New York, November 14, 2005—Ethiopian authorities have detained another two editors, bringing the number of journalists arrested since political unrest erupted two weeks ago to eight. Sources told CPJ that security forces arrested Andualem Ayle of the private, Amharic-language weekly Ethiop, and Nardos Meaza of the private, Amharic-language weekly Satanaw, sometime last week.
The government began a crackdown on independent media and threatened to charge some journalists with treason, an offense that carries the death penalty, after the protests erupted. International news organizations said that more than 40 people were killed in clashes between security forces and opposition supporters who accused Prime Minister Meles Zenawi of rigging polls in May which returned him to power.
“The Committee to Protect Journalists is outraged by these ongoing arrests,” said Ann Cooper, CPJ executive director. “We call on the Ethiopian authorities to abandon any idea of bringing treason charges against journalists, and to end this blatant attempt to shut down the country’s independent media.”
Both Ayle and Meaza appeared on a government list, disseminated a week ago by state-owned media, of people the government plans to prosecute for attempting to “violently undermine the constitutional order in the country.” The list included the publishers and editors of eight private, Amharic-language weekly newspapers, in addition to opposition leaders, the heads of the Ethiopian Teachers’ Association and local representatives of the international charity Action Aid, many of whom are already in jail. It also included the president of the Ethiopian Free Press Journalists’ Association (EFJA), Kifle Mulat. State media have disseminated photographs of many of these journalists, and have called on the public to tell police their whereabouts.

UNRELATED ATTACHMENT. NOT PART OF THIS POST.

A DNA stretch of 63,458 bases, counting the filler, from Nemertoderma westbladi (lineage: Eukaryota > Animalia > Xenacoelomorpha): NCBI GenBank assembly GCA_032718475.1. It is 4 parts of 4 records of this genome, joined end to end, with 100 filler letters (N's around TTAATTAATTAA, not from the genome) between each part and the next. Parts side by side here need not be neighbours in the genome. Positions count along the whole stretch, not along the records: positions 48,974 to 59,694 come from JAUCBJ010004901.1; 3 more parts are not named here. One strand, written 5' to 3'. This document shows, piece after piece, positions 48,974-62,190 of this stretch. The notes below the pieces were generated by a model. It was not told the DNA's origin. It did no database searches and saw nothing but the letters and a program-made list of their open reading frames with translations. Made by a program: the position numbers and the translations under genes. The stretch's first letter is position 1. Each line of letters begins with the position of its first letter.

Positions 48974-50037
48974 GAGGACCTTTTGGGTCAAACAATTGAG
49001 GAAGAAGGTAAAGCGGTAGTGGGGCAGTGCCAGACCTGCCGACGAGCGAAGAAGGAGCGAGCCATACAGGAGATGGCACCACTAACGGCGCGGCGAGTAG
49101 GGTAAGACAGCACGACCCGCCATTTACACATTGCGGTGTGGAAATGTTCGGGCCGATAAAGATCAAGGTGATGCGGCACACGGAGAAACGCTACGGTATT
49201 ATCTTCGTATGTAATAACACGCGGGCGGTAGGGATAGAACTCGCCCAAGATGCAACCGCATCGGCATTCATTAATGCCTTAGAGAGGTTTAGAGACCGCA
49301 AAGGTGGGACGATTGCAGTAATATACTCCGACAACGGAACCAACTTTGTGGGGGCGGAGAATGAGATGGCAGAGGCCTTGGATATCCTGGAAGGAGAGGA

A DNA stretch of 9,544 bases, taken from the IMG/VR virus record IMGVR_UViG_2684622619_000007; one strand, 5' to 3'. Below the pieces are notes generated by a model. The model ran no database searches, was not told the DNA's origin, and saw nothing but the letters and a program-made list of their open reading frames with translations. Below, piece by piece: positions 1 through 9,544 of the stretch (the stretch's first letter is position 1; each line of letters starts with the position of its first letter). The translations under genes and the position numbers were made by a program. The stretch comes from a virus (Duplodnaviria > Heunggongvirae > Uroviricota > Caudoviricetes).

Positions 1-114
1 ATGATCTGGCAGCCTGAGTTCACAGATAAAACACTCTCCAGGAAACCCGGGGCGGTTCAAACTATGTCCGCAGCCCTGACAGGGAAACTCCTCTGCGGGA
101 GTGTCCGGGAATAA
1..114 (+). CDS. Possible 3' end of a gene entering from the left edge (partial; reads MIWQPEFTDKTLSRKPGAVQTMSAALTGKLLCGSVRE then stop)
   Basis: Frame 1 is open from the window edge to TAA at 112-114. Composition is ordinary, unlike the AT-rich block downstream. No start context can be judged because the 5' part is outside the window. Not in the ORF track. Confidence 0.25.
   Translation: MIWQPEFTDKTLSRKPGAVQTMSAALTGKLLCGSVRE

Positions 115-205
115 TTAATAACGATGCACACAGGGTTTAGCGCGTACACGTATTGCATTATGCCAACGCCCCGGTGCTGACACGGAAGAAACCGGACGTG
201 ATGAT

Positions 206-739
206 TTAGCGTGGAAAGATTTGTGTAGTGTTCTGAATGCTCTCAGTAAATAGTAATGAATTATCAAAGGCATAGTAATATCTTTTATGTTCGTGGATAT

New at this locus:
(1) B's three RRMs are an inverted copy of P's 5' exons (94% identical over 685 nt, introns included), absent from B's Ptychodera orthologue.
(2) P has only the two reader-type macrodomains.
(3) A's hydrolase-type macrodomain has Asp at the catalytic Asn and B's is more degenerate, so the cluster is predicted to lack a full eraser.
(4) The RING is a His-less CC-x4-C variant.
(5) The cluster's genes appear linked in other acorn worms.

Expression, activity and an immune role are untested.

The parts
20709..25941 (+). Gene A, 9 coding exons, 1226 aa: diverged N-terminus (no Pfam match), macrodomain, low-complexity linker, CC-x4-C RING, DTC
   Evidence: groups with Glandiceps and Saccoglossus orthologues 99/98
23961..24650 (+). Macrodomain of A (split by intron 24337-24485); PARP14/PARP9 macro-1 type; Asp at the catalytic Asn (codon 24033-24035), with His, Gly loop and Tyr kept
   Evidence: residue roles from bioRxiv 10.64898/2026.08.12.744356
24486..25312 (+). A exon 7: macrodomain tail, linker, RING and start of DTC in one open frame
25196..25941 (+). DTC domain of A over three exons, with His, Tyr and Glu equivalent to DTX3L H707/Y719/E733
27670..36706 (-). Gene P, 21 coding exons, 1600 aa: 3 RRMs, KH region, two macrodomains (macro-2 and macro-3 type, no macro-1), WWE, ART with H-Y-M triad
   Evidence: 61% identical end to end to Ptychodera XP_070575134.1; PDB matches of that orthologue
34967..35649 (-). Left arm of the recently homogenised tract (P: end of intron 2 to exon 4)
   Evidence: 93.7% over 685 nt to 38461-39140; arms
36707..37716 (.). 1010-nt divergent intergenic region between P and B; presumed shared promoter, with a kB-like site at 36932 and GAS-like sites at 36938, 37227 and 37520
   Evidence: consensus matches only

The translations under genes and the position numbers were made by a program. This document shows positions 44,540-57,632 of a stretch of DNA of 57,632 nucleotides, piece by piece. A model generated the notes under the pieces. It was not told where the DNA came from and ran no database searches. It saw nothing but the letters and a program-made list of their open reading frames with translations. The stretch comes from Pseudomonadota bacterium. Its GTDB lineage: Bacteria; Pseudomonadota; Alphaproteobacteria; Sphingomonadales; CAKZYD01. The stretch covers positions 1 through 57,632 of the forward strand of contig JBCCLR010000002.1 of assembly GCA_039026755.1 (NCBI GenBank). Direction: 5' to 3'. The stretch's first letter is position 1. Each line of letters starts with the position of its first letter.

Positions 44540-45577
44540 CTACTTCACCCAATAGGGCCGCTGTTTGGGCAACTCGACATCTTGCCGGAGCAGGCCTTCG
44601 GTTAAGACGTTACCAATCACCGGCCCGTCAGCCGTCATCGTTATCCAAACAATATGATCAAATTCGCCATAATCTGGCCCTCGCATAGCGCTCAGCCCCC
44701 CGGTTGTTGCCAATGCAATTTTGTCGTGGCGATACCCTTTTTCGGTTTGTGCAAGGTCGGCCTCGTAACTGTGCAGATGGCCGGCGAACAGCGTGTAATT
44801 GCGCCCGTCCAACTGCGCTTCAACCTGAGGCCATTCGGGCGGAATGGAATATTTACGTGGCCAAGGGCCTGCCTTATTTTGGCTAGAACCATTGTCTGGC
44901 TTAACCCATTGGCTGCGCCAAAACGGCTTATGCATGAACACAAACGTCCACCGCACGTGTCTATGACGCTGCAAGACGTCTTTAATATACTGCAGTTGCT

On Saturday and Sunday, police searched the offices of the private, Amharic-language weekly Netsanet, whose publisher and deputy editor were arrested November 9 after their names appeared on the government’s wanted list. They also searched the shared offices of Ethiop and Abay, another local weekly. Police confiscated documents, computers, money, and other equipment and materials from the offices, local sources told CPJ. On Friday, police searched Ayle’s home in Addis Ababa.
For more information about the crackdown in Ethiopia, see CPJ’s alerts: http://www.cpj.org/news/2005/Ethiopia10nov05na.html and http://www.cpj.org/news/2005/Ethiopia04nov05na.html.